Security analysis with Security Onion


Recognizing Attack Patterns

After this detailed overview of the origins of the various log data, it is important for data analysts to know tools with which they can work in the future. Although some of the data providers already listed offer their own web interfaces, Security Onion sets out to consolidate them and provide a common interface. To this end, the data submitted to Logstash is collected in a central Elasticsearch instance. In distributed setups, the data from Logstash reaches the central instance from a Redis database.

The main interface to Security Onion is in the Security Onion Console (SOC) HTTP web page, which bundles access to the other tools and supports automated alerts and manual hunts for IoCs on the monitored systems. In addition to the interfaces for cases, hunts, and alerts included in Security Onion, the console again uses established tools for processing and analyzing the acquired data and potential incidents (Figure 1). Alternatively, you can access the shell and the tools and data available there over SSH.

Figure 1: The menu in the web interface gives access to the central functions and available tools.

Kibana and Grafana are probably the best known tools in the SOC collection. The properties queried with Elasticsearch are organized on different dashboards by Kibana. The various Beats mentioned earlier can be used to prepare data directly for visualization in Kibana. Grafana generates performance information and notes on the status of your overall system. Grafana's high-resolution data is deleted after 30 days; only aggregated data is retained longer.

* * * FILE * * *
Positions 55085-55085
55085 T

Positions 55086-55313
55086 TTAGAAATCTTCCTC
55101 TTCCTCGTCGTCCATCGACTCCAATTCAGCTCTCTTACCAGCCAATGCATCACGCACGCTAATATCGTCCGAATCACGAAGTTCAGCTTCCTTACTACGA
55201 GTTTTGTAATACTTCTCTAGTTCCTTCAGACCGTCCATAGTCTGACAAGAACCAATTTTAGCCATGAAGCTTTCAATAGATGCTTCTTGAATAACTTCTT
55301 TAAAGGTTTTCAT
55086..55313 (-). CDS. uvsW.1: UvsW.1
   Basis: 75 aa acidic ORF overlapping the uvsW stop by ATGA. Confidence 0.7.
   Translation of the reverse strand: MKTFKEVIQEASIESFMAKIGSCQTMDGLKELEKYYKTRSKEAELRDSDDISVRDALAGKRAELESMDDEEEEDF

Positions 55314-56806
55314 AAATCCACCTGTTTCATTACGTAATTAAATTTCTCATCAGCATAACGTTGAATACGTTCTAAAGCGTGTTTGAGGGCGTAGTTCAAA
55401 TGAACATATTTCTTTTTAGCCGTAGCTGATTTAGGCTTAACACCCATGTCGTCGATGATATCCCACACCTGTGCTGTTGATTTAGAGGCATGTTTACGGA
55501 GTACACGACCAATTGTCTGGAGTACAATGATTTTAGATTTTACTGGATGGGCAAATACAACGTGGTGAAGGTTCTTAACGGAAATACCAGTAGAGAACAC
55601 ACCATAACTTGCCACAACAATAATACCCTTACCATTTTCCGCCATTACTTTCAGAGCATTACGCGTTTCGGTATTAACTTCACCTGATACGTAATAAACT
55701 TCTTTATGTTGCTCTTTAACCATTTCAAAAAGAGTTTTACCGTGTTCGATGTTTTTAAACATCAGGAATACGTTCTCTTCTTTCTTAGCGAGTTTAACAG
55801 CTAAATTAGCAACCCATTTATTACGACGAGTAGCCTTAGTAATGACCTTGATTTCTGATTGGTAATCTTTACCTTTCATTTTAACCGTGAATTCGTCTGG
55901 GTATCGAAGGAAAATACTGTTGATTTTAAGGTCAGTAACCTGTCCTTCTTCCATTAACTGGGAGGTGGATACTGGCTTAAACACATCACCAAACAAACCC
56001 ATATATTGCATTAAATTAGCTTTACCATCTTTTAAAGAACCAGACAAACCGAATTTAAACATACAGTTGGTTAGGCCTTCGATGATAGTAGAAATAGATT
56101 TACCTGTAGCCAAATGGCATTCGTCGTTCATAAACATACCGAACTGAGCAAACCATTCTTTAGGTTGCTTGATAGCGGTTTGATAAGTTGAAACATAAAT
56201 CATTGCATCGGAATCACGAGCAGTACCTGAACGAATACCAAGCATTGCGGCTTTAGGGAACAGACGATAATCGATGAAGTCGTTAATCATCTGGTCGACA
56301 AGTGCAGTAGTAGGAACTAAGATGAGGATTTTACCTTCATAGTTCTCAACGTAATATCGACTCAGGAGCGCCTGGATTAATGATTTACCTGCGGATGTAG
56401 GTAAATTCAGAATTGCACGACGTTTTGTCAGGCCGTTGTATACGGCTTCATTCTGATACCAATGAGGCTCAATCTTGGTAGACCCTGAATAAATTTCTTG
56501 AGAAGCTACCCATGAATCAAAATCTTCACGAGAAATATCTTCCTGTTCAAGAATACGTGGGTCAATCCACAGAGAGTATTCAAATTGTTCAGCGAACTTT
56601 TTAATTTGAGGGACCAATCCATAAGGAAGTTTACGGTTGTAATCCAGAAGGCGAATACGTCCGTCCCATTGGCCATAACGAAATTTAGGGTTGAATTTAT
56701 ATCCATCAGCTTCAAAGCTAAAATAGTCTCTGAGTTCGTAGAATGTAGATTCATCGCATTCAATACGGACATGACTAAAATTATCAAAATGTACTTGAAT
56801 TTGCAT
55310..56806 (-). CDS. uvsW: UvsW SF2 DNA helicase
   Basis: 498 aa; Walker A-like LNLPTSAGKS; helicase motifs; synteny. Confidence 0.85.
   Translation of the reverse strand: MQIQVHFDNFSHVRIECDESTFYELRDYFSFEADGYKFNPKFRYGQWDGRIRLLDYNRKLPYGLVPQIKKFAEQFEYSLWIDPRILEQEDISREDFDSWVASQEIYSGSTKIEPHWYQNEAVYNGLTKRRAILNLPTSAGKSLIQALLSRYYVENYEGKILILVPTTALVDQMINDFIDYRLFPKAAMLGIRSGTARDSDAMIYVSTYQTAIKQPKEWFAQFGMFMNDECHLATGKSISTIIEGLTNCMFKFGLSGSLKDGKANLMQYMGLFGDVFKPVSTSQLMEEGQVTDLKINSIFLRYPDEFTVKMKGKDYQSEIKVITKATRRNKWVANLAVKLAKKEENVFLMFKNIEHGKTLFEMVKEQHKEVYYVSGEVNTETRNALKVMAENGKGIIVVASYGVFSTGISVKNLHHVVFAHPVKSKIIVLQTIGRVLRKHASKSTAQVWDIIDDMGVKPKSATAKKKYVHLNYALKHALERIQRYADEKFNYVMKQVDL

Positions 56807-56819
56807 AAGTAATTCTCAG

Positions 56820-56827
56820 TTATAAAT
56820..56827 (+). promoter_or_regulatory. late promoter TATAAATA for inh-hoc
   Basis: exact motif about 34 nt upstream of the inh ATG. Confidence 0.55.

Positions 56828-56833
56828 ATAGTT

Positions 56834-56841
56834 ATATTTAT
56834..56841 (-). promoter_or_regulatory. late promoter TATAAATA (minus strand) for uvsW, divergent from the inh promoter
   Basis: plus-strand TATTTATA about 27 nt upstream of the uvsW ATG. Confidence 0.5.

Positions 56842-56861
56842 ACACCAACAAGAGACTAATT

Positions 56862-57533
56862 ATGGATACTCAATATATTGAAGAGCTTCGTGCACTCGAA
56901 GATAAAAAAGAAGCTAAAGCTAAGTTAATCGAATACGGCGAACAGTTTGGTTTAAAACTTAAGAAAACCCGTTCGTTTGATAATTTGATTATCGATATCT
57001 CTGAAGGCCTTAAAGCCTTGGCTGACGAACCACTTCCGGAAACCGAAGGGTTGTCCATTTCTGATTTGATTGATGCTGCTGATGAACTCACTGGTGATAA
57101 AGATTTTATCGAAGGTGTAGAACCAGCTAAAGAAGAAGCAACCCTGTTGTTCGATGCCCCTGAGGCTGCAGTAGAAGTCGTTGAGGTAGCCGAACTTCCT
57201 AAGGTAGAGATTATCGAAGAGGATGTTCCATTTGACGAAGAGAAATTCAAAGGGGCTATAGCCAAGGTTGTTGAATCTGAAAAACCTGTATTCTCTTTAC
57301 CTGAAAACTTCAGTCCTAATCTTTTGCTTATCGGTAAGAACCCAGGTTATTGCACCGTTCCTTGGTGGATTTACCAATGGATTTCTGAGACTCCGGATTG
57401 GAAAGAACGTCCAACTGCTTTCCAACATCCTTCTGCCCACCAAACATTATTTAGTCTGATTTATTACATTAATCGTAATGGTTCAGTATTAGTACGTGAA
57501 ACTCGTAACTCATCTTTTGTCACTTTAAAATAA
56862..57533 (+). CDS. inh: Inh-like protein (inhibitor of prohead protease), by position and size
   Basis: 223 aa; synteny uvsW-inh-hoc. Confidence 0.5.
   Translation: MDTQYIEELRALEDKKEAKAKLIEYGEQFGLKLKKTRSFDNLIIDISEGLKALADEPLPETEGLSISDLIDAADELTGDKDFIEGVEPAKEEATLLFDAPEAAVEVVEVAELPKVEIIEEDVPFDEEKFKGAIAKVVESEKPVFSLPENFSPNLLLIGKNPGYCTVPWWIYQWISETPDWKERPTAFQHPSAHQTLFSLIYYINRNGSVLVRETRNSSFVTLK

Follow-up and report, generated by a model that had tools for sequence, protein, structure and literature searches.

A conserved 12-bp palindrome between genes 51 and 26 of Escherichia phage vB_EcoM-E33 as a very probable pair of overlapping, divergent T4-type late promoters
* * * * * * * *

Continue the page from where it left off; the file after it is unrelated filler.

FleetDM (device management) gives you access to an interface for osquery. You can use it both to create and manage queries and to configure appropriate packages for clients to facilitate queries and define your own tables, which you then deploy to your clients. Fleet then primarily supports you by processing the regularly executed queries and aggregating and visualizing the results.

To make your requests to systems more systematic, Security Onion comes with what it refers to as a Playbook. With its help, you can create Plays, which map out specific detection strategies. You define what you want to detect, and for what purpose, and then describe the steps needed to validate the results or fix any problems identified. The Play definitions you can use for automatic analysis are based on the Sigma format [2], a generic signature for log data.

The goal is primarily to identify rules and patterns in the log data and then generate alarms or events from the corresponding data for further processing by analysts. Security Onion comes with more than 500 of these Plays, which you can use as-is or customize to best suit your needs. You can also pick up additional signatures for your searches from the Sigma community, if needed. All results and alerts can also be viewed simultaneously on the dashboards, in the Hunt interface, and in Kibana.

You might already be familiar with CyberChef [3], which is also installed. This tool, widely referred to as the Swiss Army Knife of cybersecurity, lets you drag and drop a wide range of "cyber operations" for different inputs in the browser. Armed with this, and without too much prior knowledge, you can use hashes or crypto functionality, convert image data into different formats, use prepared regular expressions for searching, run programming-language-specific functions like PHP's serialize, and use many other small functions, for which you may have already built small scripts to make your everyday life as an analyst easier. Even if you do not use Security Onion, you will probably add CyberChef to your bookmarks bar.

Installation and Configuration

The installation of Security Onion is basically very simple. It is a good idea to stick to the guidelines as much as possible when it comes to hardware requirements. For an initial test on a virtual machine (VM), for example, you are at the lower limits of the recommended setup with 200GB of disk space, 12GB of RAM, and four cores.